Flux in 2D (Part 2)

3. Outward flux across a closed plane curve

 Recall that: If $C$ is a piecewise-smooth, simple closed curve, the net outward flux of a vector field $\mathbf v =v_1(x,y)\,\mathbf i +v_2(x,y)\,\mathbf j$ across $C$ is given by $$\text{Net outward flux}=\oint_C \mathbf v\cdot \mathbf n\, dS$$ where $\mathbf n$ is a unit vector normal to $C$, directed outward from the region bounded by $C$.

Example 1. Suppose that $C$ is a circle of radius $r$, centre the origin. Let $\mathbf v=x\,\mathbf i+y\,\mathbf j$. In this case, the unit normal vector to $C$ is in the same direction as $\mathbf v$. Thus
$$\mathbf v \cdot \mathbf n =|\mathbf v|=r.$$
It follows that
$$\text{Net outward flux}=\oint_C \mathbf v\cdot \mathbf n dS=\oint_C r\,dS=r\oint_C dS=2\pi r^2.$$

The following applet shows a dynamic view of Example 1. Change the radius of the circle to check the general solution.

Example 2. Consider the same circle $C$ of radius $r$, centre the origin. But now we have $\mathbf v=-y\,\mathbf i+x\,\mathbf j$. In this case, $\mathbf v$ is perpendicular to the unit normal vector $\mathbf n$. Thus
$$\mathbf v \cdot \mathbf n =0.$$
Therefore
$$\text{Net outward flux}=\oint_C \mathbf v\cdot \mathbf n\, dS=0.$$

The following applet shows a dynamic view of Example 2. Change the radius of the circle to check the general solution.

Observation: The previous examples make sense physically. In the Example 1, the fluid is spewing out the origin, and thus flowing through $C$. On the other hand, in Example 2, the fluid is spinning around the origin. None of it crosses $C$.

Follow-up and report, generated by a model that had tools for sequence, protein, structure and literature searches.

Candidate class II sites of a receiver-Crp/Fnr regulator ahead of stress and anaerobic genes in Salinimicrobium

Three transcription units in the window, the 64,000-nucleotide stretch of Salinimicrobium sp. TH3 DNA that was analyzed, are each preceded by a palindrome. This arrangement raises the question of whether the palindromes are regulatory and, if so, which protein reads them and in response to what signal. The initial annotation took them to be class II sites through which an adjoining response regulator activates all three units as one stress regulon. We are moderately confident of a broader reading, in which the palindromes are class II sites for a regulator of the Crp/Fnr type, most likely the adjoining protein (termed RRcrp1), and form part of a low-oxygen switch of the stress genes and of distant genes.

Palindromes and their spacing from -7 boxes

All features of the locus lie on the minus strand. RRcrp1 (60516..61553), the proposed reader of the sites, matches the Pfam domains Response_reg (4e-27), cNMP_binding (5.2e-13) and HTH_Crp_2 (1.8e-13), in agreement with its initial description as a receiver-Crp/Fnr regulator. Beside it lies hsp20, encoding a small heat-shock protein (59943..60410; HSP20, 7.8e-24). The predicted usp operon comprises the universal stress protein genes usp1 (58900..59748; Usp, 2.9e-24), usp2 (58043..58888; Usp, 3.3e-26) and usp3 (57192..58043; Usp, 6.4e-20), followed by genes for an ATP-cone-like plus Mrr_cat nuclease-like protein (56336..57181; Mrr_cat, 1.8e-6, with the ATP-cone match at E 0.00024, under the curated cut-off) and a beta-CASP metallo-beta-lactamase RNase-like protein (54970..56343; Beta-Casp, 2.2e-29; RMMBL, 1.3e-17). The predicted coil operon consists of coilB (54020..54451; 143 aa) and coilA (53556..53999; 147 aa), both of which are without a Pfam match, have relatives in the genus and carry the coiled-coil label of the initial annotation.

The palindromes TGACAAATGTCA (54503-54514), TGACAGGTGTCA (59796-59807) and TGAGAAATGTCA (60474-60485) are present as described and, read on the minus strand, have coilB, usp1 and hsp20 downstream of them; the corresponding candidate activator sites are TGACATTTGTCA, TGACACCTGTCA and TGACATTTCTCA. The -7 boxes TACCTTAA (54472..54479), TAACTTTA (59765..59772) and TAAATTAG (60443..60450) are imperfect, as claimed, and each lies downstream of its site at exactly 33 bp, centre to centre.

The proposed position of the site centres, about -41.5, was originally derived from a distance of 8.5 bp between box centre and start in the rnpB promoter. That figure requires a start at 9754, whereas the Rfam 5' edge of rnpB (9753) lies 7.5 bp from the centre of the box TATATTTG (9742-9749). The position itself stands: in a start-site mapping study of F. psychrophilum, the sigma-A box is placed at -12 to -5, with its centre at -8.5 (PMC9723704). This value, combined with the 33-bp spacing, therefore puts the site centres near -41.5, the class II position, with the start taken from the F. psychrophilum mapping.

Flux form of Green's theorem If $C$ is a positively oriented simple closed curve enclosing a region $D$ and $\mathbf v =v_1(x,y)\,\mathbf i +v_2(x,y)\,\mathbf j$ then $$\text{Net outward flux}=\oint_C \mathbf v\cdot \mathbf n \,dS=\iint_D\text{div}(\mathbf v )\,dA$$ where $\text{div} (\mathbf v)=\dfrac{\partial v_1}{\partial x}+\dfrac{\partial v_2}{\partial y}$.

Example 3. Consider again the example of a circle $C$ of radius $r$, centre at the origin, and the velocity vector $\mathbf v =x\, \mathbf i +y\, \mathbf j$. Since
$$\text{div}(\mathbf v)=1+1=2,$$
then
$$\text{Net outward flux}=\oint_C \mathbf v\cdot \mathbf n \,dS=\iint_D\text{div}(\mathbf v )\,dA=\iint_D 2\,dA=2\pi r^2.$$

If we move the circle away from the origin, the flux is still $2\pi r^2$. However, computing $\oint_C \mathbf v \cdot \mathbf n \,dS$ becomes quite hard.

The following applet shows a dynamic representation of Example 3. Move the circle around. Observe that the flux remains constant. You can also observe the flux for a semicircle by dragging the slider for the partial path.

Key Concept

In the context of fluids the divergence measures how much fluid is being added (or taken away); these are known as sources (or sinks). For $\mathbf v =x\, \mathbf i +y\, \mathbf j$, fluid is being added everywhere (imagine rain falling on the ground and then flowing from the origin). For $\mathbf v =-y\, \mathbf i +x\, \mathbf j$ the divergence is zero. No fluid is being added or removed, there are no sources or sinks.